Critical Historiography: How to Talk to Your Design Student About European Rationalism


The call to move design and its history “beyond the canon” can be heard from industry to the academy, signaling widespread discontent with tired approaches. This reflects a broad cultural desire to topple monuments in the wake of Black Lives Matter, real and ideological wars, climate change, algorithmic injustice, and other crises that bring the ceiling of capitalism’s promises ever lower. While professional designers are familiar with, and often troubled by, history as a roster of exemplars, the contemporary design student may have no such understanding. Undergraduate courses of study in many countries, including the United States, do not require design students to study design history and may not have historians on faculty. The onus falls increasingly on studio educators, who may or may not have training in the area, to teach design in historical contexts. Much debate about the canon takes issue with history’s content—namely, limited representation—but perhaps the more pressing issue is method: how histories construct and are constructed by rationalist logics that uphold genius and create monocultures of design. This paper explores key issues in design historiography that the practicing designer should know and could teach. The author will provide examples from the field and the classroom.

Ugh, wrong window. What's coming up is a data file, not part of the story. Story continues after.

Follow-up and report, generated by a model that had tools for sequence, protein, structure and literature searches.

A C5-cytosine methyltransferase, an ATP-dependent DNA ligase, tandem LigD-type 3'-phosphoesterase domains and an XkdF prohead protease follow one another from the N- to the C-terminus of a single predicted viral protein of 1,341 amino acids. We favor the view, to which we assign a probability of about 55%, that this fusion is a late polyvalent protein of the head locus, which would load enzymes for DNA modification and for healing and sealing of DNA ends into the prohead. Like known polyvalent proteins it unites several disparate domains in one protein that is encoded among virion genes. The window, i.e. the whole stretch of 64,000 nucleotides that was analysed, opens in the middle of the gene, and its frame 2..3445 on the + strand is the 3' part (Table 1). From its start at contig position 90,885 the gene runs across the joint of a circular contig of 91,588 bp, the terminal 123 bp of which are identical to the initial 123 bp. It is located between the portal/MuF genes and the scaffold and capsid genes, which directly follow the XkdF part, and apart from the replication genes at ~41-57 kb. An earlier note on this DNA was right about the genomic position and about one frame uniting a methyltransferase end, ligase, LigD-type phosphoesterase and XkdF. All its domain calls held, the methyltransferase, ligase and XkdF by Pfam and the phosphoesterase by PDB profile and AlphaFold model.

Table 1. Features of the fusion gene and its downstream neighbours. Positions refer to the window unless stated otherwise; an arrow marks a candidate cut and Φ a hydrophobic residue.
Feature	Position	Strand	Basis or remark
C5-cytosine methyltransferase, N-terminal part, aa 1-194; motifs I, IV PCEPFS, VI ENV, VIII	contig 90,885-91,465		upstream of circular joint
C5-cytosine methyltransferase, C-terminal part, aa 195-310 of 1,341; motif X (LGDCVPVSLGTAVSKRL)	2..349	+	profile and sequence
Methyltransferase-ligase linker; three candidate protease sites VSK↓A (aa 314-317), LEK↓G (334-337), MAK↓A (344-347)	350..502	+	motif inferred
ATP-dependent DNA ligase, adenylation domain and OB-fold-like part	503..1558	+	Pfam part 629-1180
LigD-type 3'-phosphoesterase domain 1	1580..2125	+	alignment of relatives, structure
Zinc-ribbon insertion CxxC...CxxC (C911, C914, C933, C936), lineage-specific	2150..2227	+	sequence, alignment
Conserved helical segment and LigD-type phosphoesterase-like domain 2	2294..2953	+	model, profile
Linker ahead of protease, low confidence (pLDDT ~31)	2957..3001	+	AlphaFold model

Aggie Toppins
Associate Professor and Chair, Design, Washington University in St. Louis, Missouri, United States


Presentation Type

Paper Presentation in a Themed Session


Design Education


Design Historiography, Design History, Design Education, Teaching Methods

Digital Media

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